STRUCTURE: Providers and commissioners across Cambridgeshire and Peterborough have created a joint board for strategic planning which they hope will ultimately share financial risk across the health economy.

The organisations have formed a “system transformation board” through which they intend to submit an expression of interest to NHS England to develop a new integrated model of care, Andy Vowles, chief strategy officer for Cambridgeshire and Peterborough Clinical Commissioning Group, told HSJ. The board is considering a number of options for how the model could operate.


The patch was identified as one of 11 ‘challenged health economies’

HSJ reported this week that a proposal is expected to be put before the boards of the participating organisations over the coming weeks, but has yet to receive official sign off from any of them.

The board is chaired by CCG chief clinical officer Neil Modha and includes chief executives of provider organisations across the region and the directors of adult social care for Cambridgeshire County Council and Peterborough City Council. Representatives for Healthwatch Cambridgeshire and Healthwatch Peterborough are also involved.

It is working under the principle of “one system, one budget”, Mr Vowles said.

“We need to avoid the situation where one organisation makes a saving and the consequence of that is to shift the cost to somebody else.

“We all recognise there’s one pot of taxpayers’ money to fund the service, and what’s really driving our programme board… is how do we collectively plan how to make best use of that budget?”

A joint board enables different parts of the system to “[think] about the future in a way that… the local economy certainly has not done as effectively as in the past.”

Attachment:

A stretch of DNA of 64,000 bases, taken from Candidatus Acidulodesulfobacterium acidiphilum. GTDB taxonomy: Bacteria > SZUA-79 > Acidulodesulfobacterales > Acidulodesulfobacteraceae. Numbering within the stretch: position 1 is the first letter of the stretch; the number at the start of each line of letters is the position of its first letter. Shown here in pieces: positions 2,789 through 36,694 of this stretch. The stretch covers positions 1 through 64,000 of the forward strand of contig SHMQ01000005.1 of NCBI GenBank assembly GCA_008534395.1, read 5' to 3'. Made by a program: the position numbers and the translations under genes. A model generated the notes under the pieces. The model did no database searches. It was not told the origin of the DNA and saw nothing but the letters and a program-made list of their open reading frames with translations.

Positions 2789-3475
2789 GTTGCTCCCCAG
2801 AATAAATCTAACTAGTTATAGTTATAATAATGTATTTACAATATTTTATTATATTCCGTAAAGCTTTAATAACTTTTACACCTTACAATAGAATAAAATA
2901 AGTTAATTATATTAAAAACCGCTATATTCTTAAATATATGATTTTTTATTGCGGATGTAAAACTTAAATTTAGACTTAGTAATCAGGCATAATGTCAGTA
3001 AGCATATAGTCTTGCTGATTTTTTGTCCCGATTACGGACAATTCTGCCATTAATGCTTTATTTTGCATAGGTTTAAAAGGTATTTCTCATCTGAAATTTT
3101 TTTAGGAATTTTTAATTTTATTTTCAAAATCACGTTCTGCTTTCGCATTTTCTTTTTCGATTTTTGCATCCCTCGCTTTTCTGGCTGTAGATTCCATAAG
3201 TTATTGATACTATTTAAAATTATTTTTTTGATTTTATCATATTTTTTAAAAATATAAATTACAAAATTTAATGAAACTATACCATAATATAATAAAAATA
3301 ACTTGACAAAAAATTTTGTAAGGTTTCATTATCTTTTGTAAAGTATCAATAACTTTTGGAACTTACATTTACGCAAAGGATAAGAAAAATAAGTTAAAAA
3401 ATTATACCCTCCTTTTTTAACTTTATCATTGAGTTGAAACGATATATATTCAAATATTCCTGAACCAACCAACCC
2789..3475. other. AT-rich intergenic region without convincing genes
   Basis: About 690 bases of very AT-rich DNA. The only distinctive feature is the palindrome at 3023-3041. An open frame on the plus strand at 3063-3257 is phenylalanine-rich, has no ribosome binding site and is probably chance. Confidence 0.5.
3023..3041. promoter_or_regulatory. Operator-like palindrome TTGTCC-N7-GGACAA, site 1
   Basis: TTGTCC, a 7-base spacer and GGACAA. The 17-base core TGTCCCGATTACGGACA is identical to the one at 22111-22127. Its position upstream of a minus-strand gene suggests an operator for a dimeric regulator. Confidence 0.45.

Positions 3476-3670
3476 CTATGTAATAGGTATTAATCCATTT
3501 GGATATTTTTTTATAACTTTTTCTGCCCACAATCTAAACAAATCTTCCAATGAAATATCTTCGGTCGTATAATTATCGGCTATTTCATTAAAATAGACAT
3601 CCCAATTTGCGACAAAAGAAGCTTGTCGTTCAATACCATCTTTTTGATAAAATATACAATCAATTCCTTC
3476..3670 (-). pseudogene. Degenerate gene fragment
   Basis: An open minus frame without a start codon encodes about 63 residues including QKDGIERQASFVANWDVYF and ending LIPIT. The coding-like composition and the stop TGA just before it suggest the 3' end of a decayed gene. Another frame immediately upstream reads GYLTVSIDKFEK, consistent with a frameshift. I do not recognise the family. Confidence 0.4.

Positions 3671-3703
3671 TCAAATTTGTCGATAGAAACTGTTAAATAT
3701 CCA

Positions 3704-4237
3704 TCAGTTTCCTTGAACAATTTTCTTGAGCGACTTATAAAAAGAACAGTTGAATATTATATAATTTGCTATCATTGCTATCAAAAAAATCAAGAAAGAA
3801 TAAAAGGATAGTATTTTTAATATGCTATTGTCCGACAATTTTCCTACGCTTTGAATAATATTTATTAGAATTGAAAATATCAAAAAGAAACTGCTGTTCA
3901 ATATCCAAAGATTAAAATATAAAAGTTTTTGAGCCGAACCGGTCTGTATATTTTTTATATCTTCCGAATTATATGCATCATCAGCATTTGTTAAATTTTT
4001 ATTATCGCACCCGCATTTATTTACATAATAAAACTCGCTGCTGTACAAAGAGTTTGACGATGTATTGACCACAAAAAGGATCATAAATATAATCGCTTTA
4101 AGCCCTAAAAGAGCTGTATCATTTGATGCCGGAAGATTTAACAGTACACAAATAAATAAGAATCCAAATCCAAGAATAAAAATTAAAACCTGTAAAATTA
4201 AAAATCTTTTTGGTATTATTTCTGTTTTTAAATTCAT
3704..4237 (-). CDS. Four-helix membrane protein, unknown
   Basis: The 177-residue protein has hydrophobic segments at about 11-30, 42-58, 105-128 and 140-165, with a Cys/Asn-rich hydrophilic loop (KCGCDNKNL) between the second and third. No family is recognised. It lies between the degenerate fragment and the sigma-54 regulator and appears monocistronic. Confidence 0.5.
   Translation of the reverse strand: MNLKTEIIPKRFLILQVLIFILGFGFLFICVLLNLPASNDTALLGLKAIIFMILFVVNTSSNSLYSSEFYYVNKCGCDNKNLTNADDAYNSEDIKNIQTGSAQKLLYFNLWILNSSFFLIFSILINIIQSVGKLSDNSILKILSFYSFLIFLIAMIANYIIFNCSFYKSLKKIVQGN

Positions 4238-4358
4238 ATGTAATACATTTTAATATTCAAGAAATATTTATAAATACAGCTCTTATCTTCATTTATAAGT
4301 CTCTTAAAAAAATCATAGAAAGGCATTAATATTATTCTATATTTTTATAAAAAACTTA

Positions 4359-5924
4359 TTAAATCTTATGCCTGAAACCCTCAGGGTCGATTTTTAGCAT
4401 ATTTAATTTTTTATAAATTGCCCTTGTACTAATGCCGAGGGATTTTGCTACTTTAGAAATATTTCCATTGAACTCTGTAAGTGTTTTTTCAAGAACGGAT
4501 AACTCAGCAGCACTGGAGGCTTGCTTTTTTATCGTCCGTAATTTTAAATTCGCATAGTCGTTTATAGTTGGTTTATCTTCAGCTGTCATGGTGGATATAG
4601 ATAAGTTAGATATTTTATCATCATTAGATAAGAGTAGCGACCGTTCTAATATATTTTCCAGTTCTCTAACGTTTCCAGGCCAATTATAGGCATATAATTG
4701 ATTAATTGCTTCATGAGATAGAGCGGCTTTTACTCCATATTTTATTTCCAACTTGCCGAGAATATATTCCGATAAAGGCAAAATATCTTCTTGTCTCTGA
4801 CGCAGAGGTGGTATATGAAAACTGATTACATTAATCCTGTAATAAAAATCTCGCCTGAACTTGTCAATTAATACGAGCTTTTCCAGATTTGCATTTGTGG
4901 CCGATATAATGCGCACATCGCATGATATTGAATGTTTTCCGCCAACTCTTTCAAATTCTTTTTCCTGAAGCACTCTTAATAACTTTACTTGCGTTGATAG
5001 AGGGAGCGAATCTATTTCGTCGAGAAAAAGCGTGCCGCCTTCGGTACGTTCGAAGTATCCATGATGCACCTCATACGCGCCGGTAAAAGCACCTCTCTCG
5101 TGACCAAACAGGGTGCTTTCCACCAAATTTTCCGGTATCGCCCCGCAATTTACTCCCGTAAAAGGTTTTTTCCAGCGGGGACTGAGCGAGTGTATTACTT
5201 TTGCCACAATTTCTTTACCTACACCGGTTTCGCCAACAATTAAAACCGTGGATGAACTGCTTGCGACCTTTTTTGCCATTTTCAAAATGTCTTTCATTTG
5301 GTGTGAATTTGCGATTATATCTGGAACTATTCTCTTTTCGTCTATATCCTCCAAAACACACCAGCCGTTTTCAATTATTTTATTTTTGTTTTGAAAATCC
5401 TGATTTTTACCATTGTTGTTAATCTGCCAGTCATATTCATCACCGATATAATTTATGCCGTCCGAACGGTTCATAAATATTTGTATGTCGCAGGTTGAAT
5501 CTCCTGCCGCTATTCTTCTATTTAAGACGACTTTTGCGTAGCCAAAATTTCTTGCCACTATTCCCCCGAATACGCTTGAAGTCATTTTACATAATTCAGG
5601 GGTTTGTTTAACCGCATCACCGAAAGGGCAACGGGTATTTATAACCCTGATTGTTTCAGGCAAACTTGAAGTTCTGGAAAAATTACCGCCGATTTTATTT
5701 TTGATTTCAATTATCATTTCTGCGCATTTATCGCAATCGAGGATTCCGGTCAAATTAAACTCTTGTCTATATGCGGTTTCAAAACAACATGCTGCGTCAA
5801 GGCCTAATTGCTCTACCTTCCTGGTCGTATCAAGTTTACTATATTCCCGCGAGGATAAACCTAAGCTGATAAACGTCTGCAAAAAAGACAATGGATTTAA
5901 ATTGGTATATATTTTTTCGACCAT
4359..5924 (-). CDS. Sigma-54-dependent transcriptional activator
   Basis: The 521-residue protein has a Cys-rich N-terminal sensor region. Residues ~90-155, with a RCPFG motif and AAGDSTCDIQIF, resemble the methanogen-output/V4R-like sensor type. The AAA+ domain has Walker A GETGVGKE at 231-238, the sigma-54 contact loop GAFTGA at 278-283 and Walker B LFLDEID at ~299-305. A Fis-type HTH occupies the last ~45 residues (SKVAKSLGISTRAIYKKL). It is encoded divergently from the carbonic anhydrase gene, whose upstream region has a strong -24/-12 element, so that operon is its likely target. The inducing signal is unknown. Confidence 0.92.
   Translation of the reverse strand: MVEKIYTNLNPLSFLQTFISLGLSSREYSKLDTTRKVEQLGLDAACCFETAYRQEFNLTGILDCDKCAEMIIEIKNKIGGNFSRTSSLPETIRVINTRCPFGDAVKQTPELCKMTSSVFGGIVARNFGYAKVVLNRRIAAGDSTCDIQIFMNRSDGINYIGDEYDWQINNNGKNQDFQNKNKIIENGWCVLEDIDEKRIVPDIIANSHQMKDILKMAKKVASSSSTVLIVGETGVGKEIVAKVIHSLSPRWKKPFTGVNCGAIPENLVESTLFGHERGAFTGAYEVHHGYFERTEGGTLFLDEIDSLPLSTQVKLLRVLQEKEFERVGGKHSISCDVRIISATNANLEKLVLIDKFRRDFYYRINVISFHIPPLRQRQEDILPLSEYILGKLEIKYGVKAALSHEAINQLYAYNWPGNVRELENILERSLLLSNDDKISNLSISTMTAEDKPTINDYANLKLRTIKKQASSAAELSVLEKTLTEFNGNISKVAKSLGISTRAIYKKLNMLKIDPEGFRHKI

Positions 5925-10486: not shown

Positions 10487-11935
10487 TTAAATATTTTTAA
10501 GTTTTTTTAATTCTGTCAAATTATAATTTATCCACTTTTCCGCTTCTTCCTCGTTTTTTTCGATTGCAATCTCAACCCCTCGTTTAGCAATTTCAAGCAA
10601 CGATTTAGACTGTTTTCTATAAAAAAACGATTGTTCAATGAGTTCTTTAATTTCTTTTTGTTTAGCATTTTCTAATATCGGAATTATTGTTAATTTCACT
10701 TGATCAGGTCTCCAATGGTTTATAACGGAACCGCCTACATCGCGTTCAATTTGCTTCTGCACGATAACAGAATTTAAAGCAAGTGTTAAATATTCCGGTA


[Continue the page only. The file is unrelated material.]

Although the board intends to submit an expression of interest to be one of the “vanguard” sites testing new models of care outlined in the NHS Five Year Forward View by the end of the month, its work predates the document, which was published in October.

Organisations in the region began working more closely together when the patch was identified as one of 11 “challenged health economies” by NHS England, Monitor and the NHS Trust Development Authority early last year.  

“Following the initial stage of work there, we agreed a transformational programme across our system,” Mr Vowles said. The board has been in operation for five months.

He said the forward view was “completely aligned” with what the board was already doing. Becoming a vanguard site would be a “logical next step” to test some of its concepts and “could help with bringing that work forward”.

The board is “exploring what future organisational forms might enable us… to bring into reality ‘one system one budget thinking’”, Mr Vowles said. A “possible end point” could be to have a single budget across all health and care organisations but “we wouldn’t go straight there”.

He also stressed individual organisations would have “sovereignty” on final decisions affecting them and any proposed changes would need to be approved by their respective boards.

A paper discussed at the CCG’s January governing body meeting said that “work on identification and evaluation of new models of care is likely to remain a key element [of the programme] regardless of the national developments arising from the forward view”.

The board has recruited a “cross-system transformation team”, staffed by CCG staff and secondees, and established a £1m “transformation fund”, into which all organisations involved have jointly contributed.